Let $P(x)$ be the product of all primes less or equal to $x$. The probability of $(n, P(\sqrt{x})) \leq x$ for an arbitrary $n$ is then given exactly by $$ \prod_{p\mid P(\sqrt{x})}{\left(1-\frac{1}{p}\right)} \sum_{ \substack{ {d \mid P(\sqrt{x}) } \\ {d\leq x} } } \prod_{p\mid d}(p-1)^{-1}. $$

Q: Is there a known asymptotic estimate for this expression? (Or does someone know how to prove one?)

ADDED: Since I got one answer suggesting the asymptotic estimate lying close to 1, I'll add a few comments here as to why I anticipate the asymptotic estimate to converge to zero. First of all, the number of divisors of $P(\sqrt{x})$ grows as $2^{\pi(\sqrt{x})}$. The number of these divisors that are smaller than $x$ only grows polynomially (presumably read this on Terence Tao's blog, but might be wrong—anyhow seems consistent with numerical data), so that eventually, this subset of divisors has measure zero compared to the full set. Also, for any fixed divisor $d$, the probability of $(n, P(\sqrt{x})) = d$ is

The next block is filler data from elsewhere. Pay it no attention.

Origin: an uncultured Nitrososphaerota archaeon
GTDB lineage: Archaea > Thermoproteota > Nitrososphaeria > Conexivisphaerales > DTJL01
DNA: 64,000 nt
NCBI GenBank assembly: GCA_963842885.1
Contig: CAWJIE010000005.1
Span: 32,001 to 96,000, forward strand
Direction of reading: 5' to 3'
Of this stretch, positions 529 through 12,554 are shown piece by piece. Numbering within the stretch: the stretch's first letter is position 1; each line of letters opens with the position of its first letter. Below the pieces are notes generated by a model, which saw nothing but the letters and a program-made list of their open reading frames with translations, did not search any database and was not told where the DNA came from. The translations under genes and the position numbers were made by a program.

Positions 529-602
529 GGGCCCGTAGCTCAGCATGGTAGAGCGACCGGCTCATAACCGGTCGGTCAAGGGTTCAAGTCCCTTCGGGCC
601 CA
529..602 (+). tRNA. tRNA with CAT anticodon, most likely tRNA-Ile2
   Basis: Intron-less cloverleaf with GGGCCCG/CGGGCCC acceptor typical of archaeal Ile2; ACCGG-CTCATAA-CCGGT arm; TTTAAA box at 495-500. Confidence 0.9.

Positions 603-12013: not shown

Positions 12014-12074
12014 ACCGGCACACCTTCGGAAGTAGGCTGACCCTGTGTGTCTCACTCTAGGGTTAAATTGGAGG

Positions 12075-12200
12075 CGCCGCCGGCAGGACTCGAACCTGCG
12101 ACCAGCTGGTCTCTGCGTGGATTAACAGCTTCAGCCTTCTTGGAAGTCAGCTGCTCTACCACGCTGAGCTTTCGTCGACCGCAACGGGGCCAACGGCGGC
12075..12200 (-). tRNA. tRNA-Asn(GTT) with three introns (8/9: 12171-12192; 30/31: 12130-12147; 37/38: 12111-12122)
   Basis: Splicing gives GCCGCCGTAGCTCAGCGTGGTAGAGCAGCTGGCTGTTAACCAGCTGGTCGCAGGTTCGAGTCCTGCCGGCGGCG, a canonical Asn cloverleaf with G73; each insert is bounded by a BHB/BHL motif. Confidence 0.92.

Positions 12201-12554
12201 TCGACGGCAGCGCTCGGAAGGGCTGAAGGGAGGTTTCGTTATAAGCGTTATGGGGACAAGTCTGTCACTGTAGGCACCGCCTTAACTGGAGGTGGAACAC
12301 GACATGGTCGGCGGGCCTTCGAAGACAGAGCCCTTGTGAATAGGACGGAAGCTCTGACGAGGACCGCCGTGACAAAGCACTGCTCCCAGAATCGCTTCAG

$$
\prod_{p\mid P(\sqrt{x})}{\left(1-\frac{1}{p}\right)}
\prod_{p\mid d}(p-1)^{-1},
$$
which goes to zero as $x$ goes to infinity. It therefore seems reasonable that the probability of $(n, P(\sqrt{x})) \leq x$ should tend to zero, albeit slowly. This result would also seem in accordance with the Erdös-Kac theorem, stating the number of divisors of $n$ has asymptotic mean equal to $\log \log n$. I've added some numerics below that might be suggestive in the direction I've described.